# Category: Dates and Numbers

As I was performance tuning a query, I found that a number of date calculation functions in SQL Server appear to be forcing a conversion of their date parameters to a specific datatype, adding computational work to a query that uses them. In programming terms, it seems that these functions do not have “overloads”, i.e. different code paths depending on the incoming datatype.

So let’s take a closer look at how this manifests itself.

Some of these results are pretty annoying, especially because I like to use `DATETIME2(0)` for the large majority of development work

Recently I had an interesting use case where I had to a compound calculation in Power BI. You can compound an interest rate for example, where you get a certain rate on your savings. Let’s say 1% (which is at the time of writing ridiculously high, but bear with me). After 1 year, you get 1% interest on your money. If you leave that (small) amount of money on your savings account, you’ll get 1% after another year on the original amount + the interest amount of the previous year. This means you’re money grows exponentially (sounds more exciting than it is in reality).

Read on for an example of creating what-if parameters around compound interest rates.

The modulus is the remainder of a division of two integers*. Suppose you divide 12 by 4, the result is 3. But divide 11 by 4, and the result is 2.75. This could also be expressed by saying that 11/4 is 2 with a remainder of 3. Computing that 3 is the work of the modulo operator, which in T-SQL is represented by the % operator.

Let’s explore how to compute the modulus of large numbers in SQL Server, and how this is useful in the real world.

Daniel’s example includes IBAN validation, though I think he’s secretly working on breaking asymmetric encryption…

In a previous tip, Simplify Date Period Calculations in SQL Server, I described how to easily calculate certain dates, like the first day of a given month, quarter, or year. Another common scenario is trying to find the last weekday of the month, or the nth Monday or Wednesday. In this tip, I will show ways to simplify these calculations, both with and without a calendar table.

Click through for Aaron’s approach to the problem. I have a blunter approach in creating an expansive calendar table and using it. You do the heavy lifting one time and are good for life on that server.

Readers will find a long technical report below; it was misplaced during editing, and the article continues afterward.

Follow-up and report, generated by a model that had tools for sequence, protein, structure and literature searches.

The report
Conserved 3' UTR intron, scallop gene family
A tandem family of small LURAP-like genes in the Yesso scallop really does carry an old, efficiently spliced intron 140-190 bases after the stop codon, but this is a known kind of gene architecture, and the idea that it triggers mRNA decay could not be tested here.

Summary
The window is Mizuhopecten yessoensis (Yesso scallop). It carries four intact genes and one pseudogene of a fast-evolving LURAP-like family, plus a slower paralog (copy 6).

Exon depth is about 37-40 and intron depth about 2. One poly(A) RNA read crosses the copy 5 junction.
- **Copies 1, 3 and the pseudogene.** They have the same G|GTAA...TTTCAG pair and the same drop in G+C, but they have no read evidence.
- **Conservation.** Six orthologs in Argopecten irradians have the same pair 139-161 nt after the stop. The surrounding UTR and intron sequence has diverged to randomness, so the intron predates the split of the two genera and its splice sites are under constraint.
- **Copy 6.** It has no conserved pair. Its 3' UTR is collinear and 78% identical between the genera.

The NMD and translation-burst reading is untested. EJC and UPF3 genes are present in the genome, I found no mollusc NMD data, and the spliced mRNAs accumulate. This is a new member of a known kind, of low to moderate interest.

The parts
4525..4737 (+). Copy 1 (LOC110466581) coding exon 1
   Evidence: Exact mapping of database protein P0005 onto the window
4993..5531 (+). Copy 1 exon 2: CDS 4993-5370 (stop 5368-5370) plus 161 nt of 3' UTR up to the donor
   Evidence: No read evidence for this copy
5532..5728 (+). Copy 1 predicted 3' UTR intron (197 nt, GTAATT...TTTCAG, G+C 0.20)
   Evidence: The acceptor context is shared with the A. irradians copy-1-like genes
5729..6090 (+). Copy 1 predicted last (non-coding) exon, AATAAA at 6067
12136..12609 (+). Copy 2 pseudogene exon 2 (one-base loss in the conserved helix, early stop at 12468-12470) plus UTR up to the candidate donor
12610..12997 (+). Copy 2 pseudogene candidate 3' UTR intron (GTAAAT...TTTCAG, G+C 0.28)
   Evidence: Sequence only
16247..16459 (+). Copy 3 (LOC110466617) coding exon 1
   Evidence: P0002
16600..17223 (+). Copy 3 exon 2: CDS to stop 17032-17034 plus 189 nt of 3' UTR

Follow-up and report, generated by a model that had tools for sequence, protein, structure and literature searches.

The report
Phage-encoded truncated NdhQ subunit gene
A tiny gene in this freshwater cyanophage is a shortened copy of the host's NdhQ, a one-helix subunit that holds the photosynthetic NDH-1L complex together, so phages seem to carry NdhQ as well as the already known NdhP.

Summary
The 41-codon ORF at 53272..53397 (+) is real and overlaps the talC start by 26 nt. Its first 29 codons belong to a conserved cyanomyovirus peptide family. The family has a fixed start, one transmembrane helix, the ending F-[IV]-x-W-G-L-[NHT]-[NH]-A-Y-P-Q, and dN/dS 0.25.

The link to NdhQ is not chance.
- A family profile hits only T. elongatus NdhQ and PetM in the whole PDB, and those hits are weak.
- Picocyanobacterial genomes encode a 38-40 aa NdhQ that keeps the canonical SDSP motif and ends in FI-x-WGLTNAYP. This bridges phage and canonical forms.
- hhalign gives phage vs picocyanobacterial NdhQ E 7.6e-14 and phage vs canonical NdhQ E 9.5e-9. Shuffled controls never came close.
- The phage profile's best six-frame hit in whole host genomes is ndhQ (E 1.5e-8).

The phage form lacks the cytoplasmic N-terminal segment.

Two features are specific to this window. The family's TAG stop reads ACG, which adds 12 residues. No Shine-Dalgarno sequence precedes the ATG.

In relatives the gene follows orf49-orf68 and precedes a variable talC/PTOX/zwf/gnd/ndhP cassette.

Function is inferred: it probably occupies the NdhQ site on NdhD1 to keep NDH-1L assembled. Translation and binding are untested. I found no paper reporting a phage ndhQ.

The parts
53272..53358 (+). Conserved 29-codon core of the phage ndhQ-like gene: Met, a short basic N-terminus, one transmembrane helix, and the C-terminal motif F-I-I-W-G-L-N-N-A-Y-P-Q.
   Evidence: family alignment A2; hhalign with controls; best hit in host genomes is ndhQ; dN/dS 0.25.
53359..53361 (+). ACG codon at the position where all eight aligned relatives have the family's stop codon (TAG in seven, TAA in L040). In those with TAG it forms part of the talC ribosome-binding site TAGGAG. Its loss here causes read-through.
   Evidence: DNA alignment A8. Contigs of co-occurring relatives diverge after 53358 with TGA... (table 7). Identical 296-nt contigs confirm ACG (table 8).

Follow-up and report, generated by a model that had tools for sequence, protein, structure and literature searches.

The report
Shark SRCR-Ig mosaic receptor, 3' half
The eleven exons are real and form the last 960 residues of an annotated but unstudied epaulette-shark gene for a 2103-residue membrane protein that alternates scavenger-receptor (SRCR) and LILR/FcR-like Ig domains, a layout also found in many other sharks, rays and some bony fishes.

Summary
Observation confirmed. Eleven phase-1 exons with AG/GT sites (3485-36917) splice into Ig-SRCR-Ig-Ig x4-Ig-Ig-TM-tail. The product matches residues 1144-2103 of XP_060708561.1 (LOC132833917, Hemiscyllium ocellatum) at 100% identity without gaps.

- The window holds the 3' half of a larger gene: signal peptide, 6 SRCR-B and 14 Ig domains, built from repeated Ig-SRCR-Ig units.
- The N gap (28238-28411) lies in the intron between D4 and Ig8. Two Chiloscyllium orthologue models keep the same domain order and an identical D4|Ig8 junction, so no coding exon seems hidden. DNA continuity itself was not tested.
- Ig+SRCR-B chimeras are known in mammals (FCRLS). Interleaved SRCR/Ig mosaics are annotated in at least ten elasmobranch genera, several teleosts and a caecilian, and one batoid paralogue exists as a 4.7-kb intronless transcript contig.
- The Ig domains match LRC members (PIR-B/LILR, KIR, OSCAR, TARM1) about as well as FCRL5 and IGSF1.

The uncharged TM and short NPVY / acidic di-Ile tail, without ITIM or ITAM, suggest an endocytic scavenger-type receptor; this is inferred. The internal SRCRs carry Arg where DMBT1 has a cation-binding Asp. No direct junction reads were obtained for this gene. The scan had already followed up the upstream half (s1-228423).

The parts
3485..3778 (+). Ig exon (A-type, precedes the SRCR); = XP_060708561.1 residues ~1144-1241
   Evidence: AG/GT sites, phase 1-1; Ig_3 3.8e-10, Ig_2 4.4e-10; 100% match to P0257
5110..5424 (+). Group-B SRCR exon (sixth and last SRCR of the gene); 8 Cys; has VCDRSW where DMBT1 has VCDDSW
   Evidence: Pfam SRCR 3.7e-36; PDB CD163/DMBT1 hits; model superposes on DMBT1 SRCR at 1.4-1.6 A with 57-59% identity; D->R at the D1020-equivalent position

DateOnly and TimeOnly are the new members of .NET family, they are introduced in version 6. Developers have been asking to declare only a date or only a time without using the DateTime object for a long time. These two new functions will make the developer’s life easy for sure. You can declare them easily but saving them to a database can be a challenge. Before we go into those details for saving them, Let’s look at how to declare and use them in the code.

But right now, they aren’t so useful for SQL Server. Which is a shame, as there are obvious mapping candidates : `DATE` and `TIME`, respectively. My hope is that the Microsoft.Data.SqlClient library gets an update pretty soon to handle them. But read on to learn how Cosmos DB handles these new types.

What time is it? That’s what the KQL function `now` will tell you. It will return the current date and time. It is mostly used in queries where you need data relative to the current date and time.

Read on to see how you can use it, including with offset intervals.

I wrote about the Date_Bucket() function in SQL Server a couple weeks ago. Azure Cosmos DB team announced the same functionality with a different name DateTimeBin() function. It works exactly the same with the Date_Bucket() function of SQL Server.

Cosmos DB version of the function has the same number of parameters. The order is different. All the datatime parameters must be in ISO 8601 format (YYYY-MM-DDThh:mm:ss.fffffffZ)

Read on to see how it works.

Knowing the days between events is a fairly common reporting request because a lot of reporting is created to track SLA’s (service level agreement) and other KPI’s (key performance indicators). While getting the days between two dates is fairly easy to achieve, they tend to follow up and ask how many week days there are between two timed events. For example, one company may have a SLA to ship an order within three week days of the order being placed or else a discount is applied to the order. In this case, I would highly recommend that the company have software that calculates these days in the background and stores the actual week days between order date and ship date in a database. Unfortunately, many companies create policies like this without considering future reporting needs and these values have to be calculated on the backend.

Click through for the code but be sure to read the note that this is all weekdays, including holidays.

In one of the last classrooms I delivered, students were wondering why the results of their formulas were close but not identical to the proposed solution. We quickly identified the problem being an issue of data type conversion already covered in Understanding numeric data type conversions in DAX. However, the issue is interesting as a simpler example to show that different DAX calculations can produce different results because of a different way of rounding numbers!